Better on Paper: An Introverted Teen Writer
Written by K.L. Kranes
Pressing the notebook against the wall, she begins to write. The idea flows out as her hand scribbles fast across the paper. When she’s done, her shoulders relax. She stuffs the notebook back in her bag and sets off to class.
At 16-years-old, Hannah Mullen of Mechanicsville, Virginia often feels this grip of an idea and the compulsive need to get it out on paper. On paper she can be herself. On paper is where she feels safe.
“I definitely use writing to work through my emotions,” she explains. “I use my notebooks for everything. I have a reading log in the front. I doodle. I write. It’s usually just whenever and wherever I get inspiration.”
Although Hannah is a writer, she doesn’t necessarily want to make an impression. She would probably rather tiptoe through life making no noticeable divots in the fabric of the world, at least not until she first gave each step a great deal of thought. But, whether she wanted to or not, Hannah made an impression on the Hanover Writers Club. Even three years after she stopped attending meetings, they still remember her, the 12-year-old girl working on her first novel.
When I ask Hannah why she decided to write and publish a novel, she replies, “I just woke up one day and decided this is what I wanted to do.”
Two years after starting the novel, at age 13, Hannah self-published Experimentals on Amazon. She didn’t think anyone would read it. But attention and accolades do not seem to matter much to Hannah.
In fact, it becomes clear early in our interview that Hannah doesn’t like to talk about herself or tout her accomplishments. I get the sense she would rather have her nose in a book than be on the phone with me. Regardless, she is gracious and witty, even if a bit reticent.
“I’ve always loved books,” she says. At the beginning of our interview, Hannah answers my questions with these types of brief answers.
I quickly realize, Hannah, like many writers, is introverted. I ask her, “You don’t trust easily do you?” She answers, “No.”
I feel an instant kinship with Hannah as I too have introverted tendencies. By the end of the interview, I think I have won her trust, but I’m not certain.
Once Hannah gets more comfortable with me, her personality begins to shine through. Although I can’t see her expressions, I imagine she is not quick with a smile, but when she gives one, it is meaningful.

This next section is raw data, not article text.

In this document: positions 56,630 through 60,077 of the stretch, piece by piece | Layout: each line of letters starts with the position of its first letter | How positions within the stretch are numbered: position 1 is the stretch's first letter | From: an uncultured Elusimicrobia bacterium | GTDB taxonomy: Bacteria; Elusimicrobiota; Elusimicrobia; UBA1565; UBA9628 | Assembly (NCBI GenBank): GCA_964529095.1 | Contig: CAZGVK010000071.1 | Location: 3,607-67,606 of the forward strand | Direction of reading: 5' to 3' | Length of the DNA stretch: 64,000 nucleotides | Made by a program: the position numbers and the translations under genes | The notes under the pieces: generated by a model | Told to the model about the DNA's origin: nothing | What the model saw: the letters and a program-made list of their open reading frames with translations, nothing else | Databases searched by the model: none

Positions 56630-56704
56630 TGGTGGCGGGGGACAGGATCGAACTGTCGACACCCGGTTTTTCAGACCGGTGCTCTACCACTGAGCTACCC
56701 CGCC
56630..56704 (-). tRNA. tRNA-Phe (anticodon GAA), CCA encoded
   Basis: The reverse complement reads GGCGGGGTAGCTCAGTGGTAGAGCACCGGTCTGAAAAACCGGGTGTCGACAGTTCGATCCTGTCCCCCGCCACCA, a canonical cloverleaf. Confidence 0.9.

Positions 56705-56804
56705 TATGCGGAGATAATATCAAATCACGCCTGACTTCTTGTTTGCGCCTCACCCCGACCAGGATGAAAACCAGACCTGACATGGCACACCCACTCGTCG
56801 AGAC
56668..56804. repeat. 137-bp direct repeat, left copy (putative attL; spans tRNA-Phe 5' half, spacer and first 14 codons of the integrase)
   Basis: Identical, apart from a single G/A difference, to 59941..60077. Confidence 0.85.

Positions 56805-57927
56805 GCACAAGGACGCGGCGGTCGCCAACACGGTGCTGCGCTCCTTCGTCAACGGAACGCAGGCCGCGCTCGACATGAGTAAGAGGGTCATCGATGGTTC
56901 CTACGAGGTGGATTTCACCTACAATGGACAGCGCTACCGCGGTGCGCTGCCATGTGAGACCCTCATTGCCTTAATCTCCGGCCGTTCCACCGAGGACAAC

“Sometimes I will go a whole day without saying a word,” Hannah tells me. “People expect me to talk. I don’t mind presentations or anything of the sort but socially I’m a wreck. People think just because I don’t talk to them it means I don’t like them.”
Writing helps Hannah cope with the social pressures of being an introvert in an extroverted world. When she writes, Hannah can carefully craft her words in a way that eludes her when speaking.
“I can erase my writing and I cannot erase what I said. Sometimes I don’t think before I speak, but writing forces me to think,” she says.
Although introverted, Hannah doesn’t spend her days hiding in her room. She has starred in theater productions since she was 8-years-old and takes part in her high school theater program. It isn’t the spotlight that unnerves Hannah, it is not being prepared for it.
“In my head, things aren’t really thought out. It’s big word vomit,” she says. “I like acting because I don’t have to think about what I say.”
Hannah’s thoughtful mind translates to a thoughtful person. Once Hannah opens up during our interview, it becomes clear she has a big heart.
“I’ve always been drawn to helping people,” she says.
In fact, although Hannah finds writing therapeutic, she doesn’t want to be a writer as her profession. It is partially practical. She knows the obstacles and difficulties writers face. Hannah is content writing for herself and pouring her emotions into her notebooks or her poetry blog, https://angsty-teen-poetry.tumblr.com.
Hannah is more interested in helping people than gathering followers on Snapchat or Instagram. She donates her time at a nearby hospital, assisting with discharges and stocking the pharmacy, while dreaming of one day becoming a pediatrician. Her voice thrums with excitement when she talks about being accepted into a program called SODA (Student Organization for Developing Attitudes), which helps teach 4th graders how to deal with peer pressure.
Speaking with Hannah reminds me that writing is not just about getting published or how many people follow your blog. Writing is a deeply personal experience. Hannah doesn’t want to just be known as a girl who wrote and published a book before she was even in high school. She would rather be known for her thoughtfulness and how she helped people. She may feel better on paper, but I think we would all feel better if we viewed the world a bit more like Hannah.